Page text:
Shut em' all down and charge every fuck that made money off the utilities that had them for the decommissioning, PERIOD!
Leges         Sine    Moribus      Vanae   
Faith,
if it has not works, is dead, being alone.

Offline Randy C

  • Foxsteader
  • Bussing Staff
  • *
  • Posts: 244
    • View Profile
Re: Who Goes Dry First? Vegas or Phoenix?
« Reply #32 on: July 09, 2014, 05:51:46 PM »
So, tell me,...., where will Palo Verde get its water for cooling the two reactors and spent fuel pools?  The plant is located out in the desert, west of Phoenix and uses treated sewage water for cooling, but once the city goes dry what becomes of a reactor full of fuel that must be cooled for ten years before it can be dry casked and move?????

Inquiring minds want to know!   :o

Hi RandyC, You bring up a point that was brought home to me by James Howard Kunstler in a podcast he aired a while back with a remarkable woman, Alice Friedmann. She has a way at looking at concrete and the way these things were built and why that sure makes it hard to be a lite doomer. She look for a fast crash and is a very persuasive lady.  :'(

If you or any diners are interested I can assure you that it won't be a waste of time. Brief intro and link below

  Yakking with Alice Friedman of Energy Skeptic. com

Alice Friedemann insists she is not an academic, but publishes on a wide variety of contemporary scientific issues bearing on the fate of industrial civilization. She subscribes to a scenario that she calls the “fast crash.” She worked for 25 years as a systems architect and engineer in the corporate world, or “Dilbert-Land” as she calls it, before dropping out to write full time. Her science and economic essays can be found at her website: Energyskeptic.com. Alice is also a cookbook writer and blogger at the website Wholegrainalice.com She lives in Berkeley, California.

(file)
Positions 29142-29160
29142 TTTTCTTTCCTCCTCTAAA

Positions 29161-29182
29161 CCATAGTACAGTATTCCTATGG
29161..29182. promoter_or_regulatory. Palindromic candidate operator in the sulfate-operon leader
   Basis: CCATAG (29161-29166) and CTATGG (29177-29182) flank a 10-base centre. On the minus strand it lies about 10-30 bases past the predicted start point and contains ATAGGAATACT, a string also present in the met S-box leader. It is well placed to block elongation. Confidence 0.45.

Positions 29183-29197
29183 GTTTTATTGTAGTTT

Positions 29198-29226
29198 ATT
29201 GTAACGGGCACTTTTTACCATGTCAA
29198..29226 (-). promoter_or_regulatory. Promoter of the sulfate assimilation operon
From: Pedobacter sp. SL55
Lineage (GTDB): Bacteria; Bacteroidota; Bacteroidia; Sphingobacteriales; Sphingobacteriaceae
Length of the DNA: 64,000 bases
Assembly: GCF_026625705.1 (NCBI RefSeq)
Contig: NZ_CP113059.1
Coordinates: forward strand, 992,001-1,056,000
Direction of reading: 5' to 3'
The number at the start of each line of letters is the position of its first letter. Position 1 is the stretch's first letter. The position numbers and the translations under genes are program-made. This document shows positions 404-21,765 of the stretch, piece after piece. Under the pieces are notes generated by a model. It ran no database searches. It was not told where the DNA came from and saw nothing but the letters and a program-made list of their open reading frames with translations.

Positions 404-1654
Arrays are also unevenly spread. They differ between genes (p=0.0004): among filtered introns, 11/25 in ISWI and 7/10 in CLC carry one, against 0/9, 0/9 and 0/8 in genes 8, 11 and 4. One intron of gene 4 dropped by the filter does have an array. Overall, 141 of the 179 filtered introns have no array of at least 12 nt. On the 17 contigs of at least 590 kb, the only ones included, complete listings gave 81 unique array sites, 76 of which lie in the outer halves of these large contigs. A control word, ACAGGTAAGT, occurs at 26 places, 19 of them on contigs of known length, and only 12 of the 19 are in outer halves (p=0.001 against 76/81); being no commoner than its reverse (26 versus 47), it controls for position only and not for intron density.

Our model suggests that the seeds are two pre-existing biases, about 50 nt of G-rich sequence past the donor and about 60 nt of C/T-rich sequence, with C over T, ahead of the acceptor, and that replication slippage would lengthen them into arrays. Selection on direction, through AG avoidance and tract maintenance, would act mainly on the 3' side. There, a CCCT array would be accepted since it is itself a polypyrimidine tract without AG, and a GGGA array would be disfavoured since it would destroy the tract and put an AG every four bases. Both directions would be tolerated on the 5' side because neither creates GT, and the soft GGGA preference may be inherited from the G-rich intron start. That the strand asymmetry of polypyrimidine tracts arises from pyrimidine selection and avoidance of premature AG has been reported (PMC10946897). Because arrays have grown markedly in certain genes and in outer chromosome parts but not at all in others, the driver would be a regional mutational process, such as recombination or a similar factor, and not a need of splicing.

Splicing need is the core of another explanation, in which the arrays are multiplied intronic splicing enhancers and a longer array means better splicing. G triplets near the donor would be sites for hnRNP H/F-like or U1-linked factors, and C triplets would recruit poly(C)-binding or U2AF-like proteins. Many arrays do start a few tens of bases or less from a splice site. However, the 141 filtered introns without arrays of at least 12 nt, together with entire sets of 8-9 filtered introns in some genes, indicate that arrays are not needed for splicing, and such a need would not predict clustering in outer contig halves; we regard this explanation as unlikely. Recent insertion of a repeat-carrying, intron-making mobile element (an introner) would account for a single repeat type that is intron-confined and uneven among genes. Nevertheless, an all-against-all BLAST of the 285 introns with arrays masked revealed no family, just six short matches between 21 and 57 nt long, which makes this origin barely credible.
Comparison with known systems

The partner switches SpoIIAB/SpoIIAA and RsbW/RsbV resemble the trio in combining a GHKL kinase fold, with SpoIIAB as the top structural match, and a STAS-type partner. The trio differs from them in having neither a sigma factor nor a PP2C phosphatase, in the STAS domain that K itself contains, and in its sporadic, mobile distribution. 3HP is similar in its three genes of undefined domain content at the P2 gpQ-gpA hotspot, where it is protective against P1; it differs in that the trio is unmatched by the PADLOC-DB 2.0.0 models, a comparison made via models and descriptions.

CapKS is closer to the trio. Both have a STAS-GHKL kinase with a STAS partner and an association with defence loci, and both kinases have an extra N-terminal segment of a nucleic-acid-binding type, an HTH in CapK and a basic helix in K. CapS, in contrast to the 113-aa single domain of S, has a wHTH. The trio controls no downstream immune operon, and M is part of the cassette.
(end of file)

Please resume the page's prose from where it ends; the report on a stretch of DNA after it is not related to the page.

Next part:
kunstler.com/podcast/4865/   :icon_study:  :-\

I read Alice's blog Energy Skeptic on a monthly basis and she is a good analyst.  Aging and surveillance of missile airframes was of interest to me in my former life.  Concrete and lots of other things have service lives as well and that does not bode well for the nuclear industry.

Thanks for the link, I need to take time to listen to that podcast.
RC

Offline Randy C

  • Foxsteader
  • Bussing Staff
  • *
  • Posts: 244
    • View Profile
Re: Who Goes Dry First? Vegas or Phoenix?
« Reply #33 on: July 09, 2014, 07:33:47 PM »
Agelbert,
I was thinking the same thing, install a refrigeration system to keep the shut down reactor cool so as not to need the water...

But what still amazes me is that fifty years ago, GE and others were designing doomsday machines based on the assumption that nothing would ever go wrong, or that the system as we know it (industrial civilization) could possibly come unglued, apart from a nuclear war.  So short sighted.  Here we are standing at the edge of the abyss and it will take at least ten years to cool the last of the fuel if all were shut down now and another fifty to decommission all these reactors.  Look how long it has taken to clean up Hanford Reservation and they still are not done. 

Nuclear power is a very good reason to move west and north, get up wind so that you will suffer less of the effects of all the spent fuel pool fires that are sure to come, and no, I don't expect MKing will pay for any of this.  He will probably try to tell you that ionizing radiation is good for you as Ann Coulter did on Faux News....

Offline agelbert

  • Global Moderator
  • Master Chef
  • *****
  • Posts: 11820
    • View Profile
    • Renewable Rervolution
Re: Who Goes Dry First? Vegas or Phoenix?
« Reply #34 on: July 09, 2014, 08:18:14 PM »
Randy said,
Quote
Nuclear power is a very good reason to move west and north, get up wind so that you will suffer less of the effects of all the spent fuel pool fires that are sure to come, and no, I don't expect MKing will pay for any of this.  He will probably try to tell you that ionizing radiation is good for you as Ann Coulter did on Faux News....